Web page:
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Electronic Lab Notebooks Impact Biomedical Engineering Students’ Quality of Documentation and Technical Communication

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2017 ASEE Annual Conference & Exposition


Columbus, Ohio

Publication Date

June 24, 2017

Start Date

June 24, 2017

End Date

June 28, 2017

Conference Session

Development of Technical and Soft Skills in BME

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Paper Authors


Monica Dominique Okon The Ohio State University

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Monica Okon, a current graduate student in biomedical engineering at Ohio State University, became interested in engineering education when starting as a graduate teaching associate (GTA) for the Engineering Education Department at Ohio State University. She has had the opportunity to teach the Fundamentals in Engineering laboratory component for the standard courses sequence as well as served as a lead GTA for this department for two years. She is currently a lead GTA in the Department of Biomedical Engineering where she helped pilot the electronic lab notebooks in junior level labs.

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Tanya M. Nocera The Ohio State University, Department of Biomedical Engineering

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Tanya M. Nocera, PhD is an Assistant Professor of Practice in Biomedical Engineering at The Ohio State University. She is focused on developing, teaching and assessing upper-level Biomedical Engineering laboratory courses, with particular interest in improving student technical communication skills.

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Laboratory notebooks have long been used as a tool to develop student documentation and technical communication skills in laboratory courses. Given the presence of social media as well as other methods of electronic communication, computer mediated activities provide an opportunity to educate students in a familiar setting. For this reason, we have pursued a study to measure the impact of electronic laboratory notebooks (ELNs, LabArchives Classroom Edition) on the quality of upper-level biomedical engineering students’ documentation and technical communication skills. A total of forty ELNs submitted by students enrolled in a biomechanics lab course during autumn 2016 and paper-based notebooks submitted by students enrolled in the same course during autumn 2015 were selected for this study. Notebooks were quantitatively analyzed against a rubric designed to measure how well the selected notebooks met assessment criteria in the categories of communication, documentation and presentation. Results showed significantly higher overall mean and category-specific scores for ELNs compared to paper-based notebook submissions (p < 0.05). It was concluded that lab course notebook keeping in an electronic format may be an effective medium for aiding students in improving documentation and technical communication skills.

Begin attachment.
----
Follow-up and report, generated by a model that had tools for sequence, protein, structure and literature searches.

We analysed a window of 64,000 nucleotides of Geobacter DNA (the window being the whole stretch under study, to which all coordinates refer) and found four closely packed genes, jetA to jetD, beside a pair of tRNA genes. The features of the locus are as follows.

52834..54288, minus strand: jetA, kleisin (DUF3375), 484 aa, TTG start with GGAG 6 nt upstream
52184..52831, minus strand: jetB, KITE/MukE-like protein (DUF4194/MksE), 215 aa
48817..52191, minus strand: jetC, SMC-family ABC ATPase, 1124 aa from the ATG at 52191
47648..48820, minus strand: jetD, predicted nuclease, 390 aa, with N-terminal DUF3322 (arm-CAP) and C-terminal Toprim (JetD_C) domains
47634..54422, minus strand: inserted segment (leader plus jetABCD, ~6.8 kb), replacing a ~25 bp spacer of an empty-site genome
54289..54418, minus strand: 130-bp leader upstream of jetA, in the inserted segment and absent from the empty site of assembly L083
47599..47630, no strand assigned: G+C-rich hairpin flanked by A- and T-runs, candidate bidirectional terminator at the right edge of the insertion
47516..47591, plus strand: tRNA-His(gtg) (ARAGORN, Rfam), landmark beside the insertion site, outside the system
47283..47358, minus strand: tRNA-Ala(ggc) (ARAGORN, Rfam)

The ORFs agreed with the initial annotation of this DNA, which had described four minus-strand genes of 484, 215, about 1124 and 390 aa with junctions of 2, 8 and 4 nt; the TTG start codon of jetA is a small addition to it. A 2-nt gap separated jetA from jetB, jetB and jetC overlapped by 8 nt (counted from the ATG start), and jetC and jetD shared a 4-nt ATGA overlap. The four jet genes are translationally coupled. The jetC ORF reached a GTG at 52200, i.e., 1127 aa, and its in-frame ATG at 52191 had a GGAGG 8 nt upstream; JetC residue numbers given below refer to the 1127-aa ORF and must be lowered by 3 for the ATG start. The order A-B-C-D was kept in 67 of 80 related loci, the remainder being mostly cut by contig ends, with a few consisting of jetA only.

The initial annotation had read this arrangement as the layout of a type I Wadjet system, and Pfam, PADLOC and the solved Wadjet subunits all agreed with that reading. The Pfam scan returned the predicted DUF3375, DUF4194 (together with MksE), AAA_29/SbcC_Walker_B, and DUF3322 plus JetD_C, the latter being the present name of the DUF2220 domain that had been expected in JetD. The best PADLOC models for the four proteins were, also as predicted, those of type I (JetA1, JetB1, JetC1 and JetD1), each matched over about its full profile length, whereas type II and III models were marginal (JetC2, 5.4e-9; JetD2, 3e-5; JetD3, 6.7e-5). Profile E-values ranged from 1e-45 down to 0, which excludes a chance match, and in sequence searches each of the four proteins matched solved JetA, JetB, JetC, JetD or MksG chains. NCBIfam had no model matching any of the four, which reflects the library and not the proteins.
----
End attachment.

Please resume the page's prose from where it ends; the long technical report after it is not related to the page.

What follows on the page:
Okon, M. D., & Nocera, T. M. (2017, June), Electronic Lab Notebooks Impact Biomedical Engineering Students’ Quality of Documentation and Technical Communication Paper presented at 2017 ASEE Annual Conference & Exposition, Columbus, Ohio. 10.18260/1-2--28210

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